The Quiksilver & Roxy Pro Surf Forecast
COASTALWATCH | EVENT FORECAST
EVENT WAITING PERIOD 14 - 25 MARCH 2017
It has to make you wonder if a juju man cast a spell over the first WSL contest of the year. Like Sleeping Beauty, Snapper is set to fall into a deep slumber just as the first heat hits the water; possibly remaining in long-lasting repose until near the end of the waiting period.
Superstition aside, the rigours of long-range atmospheric numerical models are clearly pointing to a tectonic shift in conditions by the first day of the waiting period: Tuesday, 14 March.
In case you haven’t noticed, snapper is absolutely cooking, right now - and it’s set to keep on pumping for days to come. In fact, it’s probably going to get even better as the deepwater directional band (ie swell direction) moves incrementally from SSE to SE/ESE over the next few days. (SEE ALSO THE CURRENT EAST COAST SWELL FORECAST)
Unless you’ve been hiding under a rock, you’d be well aware of the swell-source currently in effect over the central-eastern Tasman Sea: a complex, 996 hPa Tasman low that’s been supporting a strong, 20 to 35kt SE/ESE fetch throughout the western and southern Tasman Sea all week.
This will see excellent conditions on offer all weekend – and even Monday should still be offering up some fun-sized leftovers. But while this offers up as good a warm-up period as a pro-surfer could hope for, the bride is set to bolt from the proverbial alter come Tuesday 14 as residual SE swell fades; optimistically amounting to 1 to 2ft max. If this isn’t bad enough, the prospect of a moderate northerly wind-shift looks like writing off conditions altogether. Going on some recent model runs, several lay-days are likely as a trough over the eastern interior interacts with a weak ridge to maintain tiny swell, rain and northerly winds into Wednesday 15 and Thursday 16.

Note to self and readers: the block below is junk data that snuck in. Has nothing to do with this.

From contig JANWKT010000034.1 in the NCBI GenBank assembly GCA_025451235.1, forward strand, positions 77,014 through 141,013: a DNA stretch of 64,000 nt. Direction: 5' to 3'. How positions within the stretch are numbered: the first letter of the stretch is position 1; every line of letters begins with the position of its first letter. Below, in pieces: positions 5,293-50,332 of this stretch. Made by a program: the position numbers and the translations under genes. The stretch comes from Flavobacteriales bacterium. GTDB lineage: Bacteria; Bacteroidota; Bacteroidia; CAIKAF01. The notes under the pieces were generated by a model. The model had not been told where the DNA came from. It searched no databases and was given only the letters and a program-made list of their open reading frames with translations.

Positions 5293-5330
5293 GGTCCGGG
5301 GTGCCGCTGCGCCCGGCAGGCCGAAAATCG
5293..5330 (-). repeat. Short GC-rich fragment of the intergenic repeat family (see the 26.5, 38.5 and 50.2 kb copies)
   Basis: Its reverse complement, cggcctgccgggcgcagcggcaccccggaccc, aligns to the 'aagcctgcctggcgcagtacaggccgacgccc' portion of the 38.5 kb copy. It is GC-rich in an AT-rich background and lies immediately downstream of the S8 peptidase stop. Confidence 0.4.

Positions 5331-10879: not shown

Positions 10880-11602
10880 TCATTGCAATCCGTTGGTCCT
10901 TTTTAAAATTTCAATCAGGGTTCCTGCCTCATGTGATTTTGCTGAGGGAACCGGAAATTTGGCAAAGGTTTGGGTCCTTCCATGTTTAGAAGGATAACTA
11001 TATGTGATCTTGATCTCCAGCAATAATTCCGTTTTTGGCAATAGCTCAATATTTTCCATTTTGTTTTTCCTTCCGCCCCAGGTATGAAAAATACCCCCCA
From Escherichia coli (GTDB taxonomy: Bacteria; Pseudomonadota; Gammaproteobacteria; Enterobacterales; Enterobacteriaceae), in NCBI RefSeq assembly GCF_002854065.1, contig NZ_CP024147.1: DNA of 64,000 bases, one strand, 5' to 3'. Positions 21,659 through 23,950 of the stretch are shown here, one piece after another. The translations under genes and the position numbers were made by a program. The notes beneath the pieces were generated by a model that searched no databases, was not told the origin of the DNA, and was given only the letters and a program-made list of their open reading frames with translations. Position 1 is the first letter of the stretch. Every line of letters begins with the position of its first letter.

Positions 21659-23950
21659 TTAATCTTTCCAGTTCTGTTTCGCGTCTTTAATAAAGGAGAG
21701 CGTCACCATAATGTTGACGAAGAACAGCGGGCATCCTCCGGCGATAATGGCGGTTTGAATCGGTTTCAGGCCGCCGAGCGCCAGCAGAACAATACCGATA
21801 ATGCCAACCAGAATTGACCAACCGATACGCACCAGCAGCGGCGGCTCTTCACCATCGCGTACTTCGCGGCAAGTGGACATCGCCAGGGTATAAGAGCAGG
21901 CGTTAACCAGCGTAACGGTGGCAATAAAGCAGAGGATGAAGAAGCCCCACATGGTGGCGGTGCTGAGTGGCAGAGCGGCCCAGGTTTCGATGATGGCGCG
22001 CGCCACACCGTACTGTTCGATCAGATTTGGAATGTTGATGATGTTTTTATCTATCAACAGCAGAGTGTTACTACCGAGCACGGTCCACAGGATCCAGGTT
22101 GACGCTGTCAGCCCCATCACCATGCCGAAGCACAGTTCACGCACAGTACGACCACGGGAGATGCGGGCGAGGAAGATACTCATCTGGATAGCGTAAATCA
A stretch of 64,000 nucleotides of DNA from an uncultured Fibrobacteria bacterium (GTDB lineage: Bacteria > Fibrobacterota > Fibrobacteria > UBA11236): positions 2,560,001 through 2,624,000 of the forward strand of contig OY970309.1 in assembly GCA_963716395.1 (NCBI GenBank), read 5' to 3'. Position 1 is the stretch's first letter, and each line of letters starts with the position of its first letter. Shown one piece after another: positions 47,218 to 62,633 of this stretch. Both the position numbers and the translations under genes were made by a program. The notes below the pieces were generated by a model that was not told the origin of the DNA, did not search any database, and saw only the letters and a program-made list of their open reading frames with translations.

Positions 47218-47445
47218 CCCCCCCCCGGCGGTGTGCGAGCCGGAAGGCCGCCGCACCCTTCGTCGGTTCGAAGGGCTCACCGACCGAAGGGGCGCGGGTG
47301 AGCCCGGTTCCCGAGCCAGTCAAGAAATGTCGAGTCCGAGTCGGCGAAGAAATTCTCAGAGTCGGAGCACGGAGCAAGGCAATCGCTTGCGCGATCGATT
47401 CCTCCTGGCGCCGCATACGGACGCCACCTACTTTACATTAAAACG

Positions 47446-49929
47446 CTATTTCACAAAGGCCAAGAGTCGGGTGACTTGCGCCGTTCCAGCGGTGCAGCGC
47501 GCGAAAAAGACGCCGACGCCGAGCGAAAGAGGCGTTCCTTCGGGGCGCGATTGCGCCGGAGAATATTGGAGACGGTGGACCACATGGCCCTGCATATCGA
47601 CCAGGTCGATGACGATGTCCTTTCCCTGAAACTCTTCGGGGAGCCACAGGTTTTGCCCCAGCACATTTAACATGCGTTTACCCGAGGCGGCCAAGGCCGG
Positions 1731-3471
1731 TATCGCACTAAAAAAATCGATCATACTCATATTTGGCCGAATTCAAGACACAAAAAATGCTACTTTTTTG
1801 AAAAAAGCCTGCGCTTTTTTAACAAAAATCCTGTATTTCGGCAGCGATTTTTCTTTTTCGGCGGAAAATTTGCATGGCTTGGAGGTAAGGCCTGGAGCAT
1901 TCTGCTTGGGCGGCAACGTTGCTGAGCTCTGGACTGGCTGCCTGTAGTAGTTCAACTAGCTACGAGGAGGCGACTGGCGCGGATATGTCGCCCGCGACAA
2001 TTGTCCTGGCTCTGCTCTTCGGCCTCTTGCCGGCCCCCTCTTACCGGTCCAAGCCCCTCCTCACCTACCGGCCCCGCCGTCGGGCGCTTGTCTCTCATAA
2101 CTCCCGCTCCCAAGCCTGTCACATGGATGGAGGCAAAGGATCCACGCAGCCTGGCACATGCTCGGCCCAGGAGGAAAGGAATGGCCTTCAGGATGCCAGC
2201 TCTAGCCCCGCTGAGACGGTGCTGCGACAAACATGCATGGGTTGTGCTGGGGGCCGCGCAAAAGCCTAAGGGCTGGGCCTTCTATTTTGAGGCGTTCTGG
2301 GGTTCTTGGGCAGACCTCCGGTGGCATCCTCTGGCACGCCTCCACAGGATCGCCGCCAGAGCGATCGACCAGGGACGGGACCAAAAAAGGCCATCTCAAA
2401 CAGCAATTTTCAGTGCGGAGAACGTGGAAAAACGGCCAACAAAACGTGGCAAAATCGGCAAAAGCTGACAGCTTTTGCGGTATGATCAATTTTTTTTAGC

On the other hand, EC model guidance shows a firming of the ridge as a new high builds over the southern Tasman Sea over this time frame – and with any luck this will see a rise in short-period ENE windswell starting to show up on Thursday 16 and Friday 17 March.
If you give any credence to extended GFS modelling, we’ll have to wait until the back-half of the waiting period for a new E tradewind swell; originating from a strong high forecast to set up over New Zealand around Sunday 19 and Monday 20 March. Even then, the resulting swell may not arrive until the final days of the waiting period. While it’s looking pretty dire, there’s still plenty of scope for major changes to the long-term outlook between now and then.
*WILL YOU BE ON THE GOLD COAST NEXT WEDNESDAY?
Join Ben Macartney & Nick Carroll at Rainbow Bay Surf Club for the first Gold Coast Surf Forecasting Workshop. Learn how to forecast your next surf trip and understand how your local breaks.
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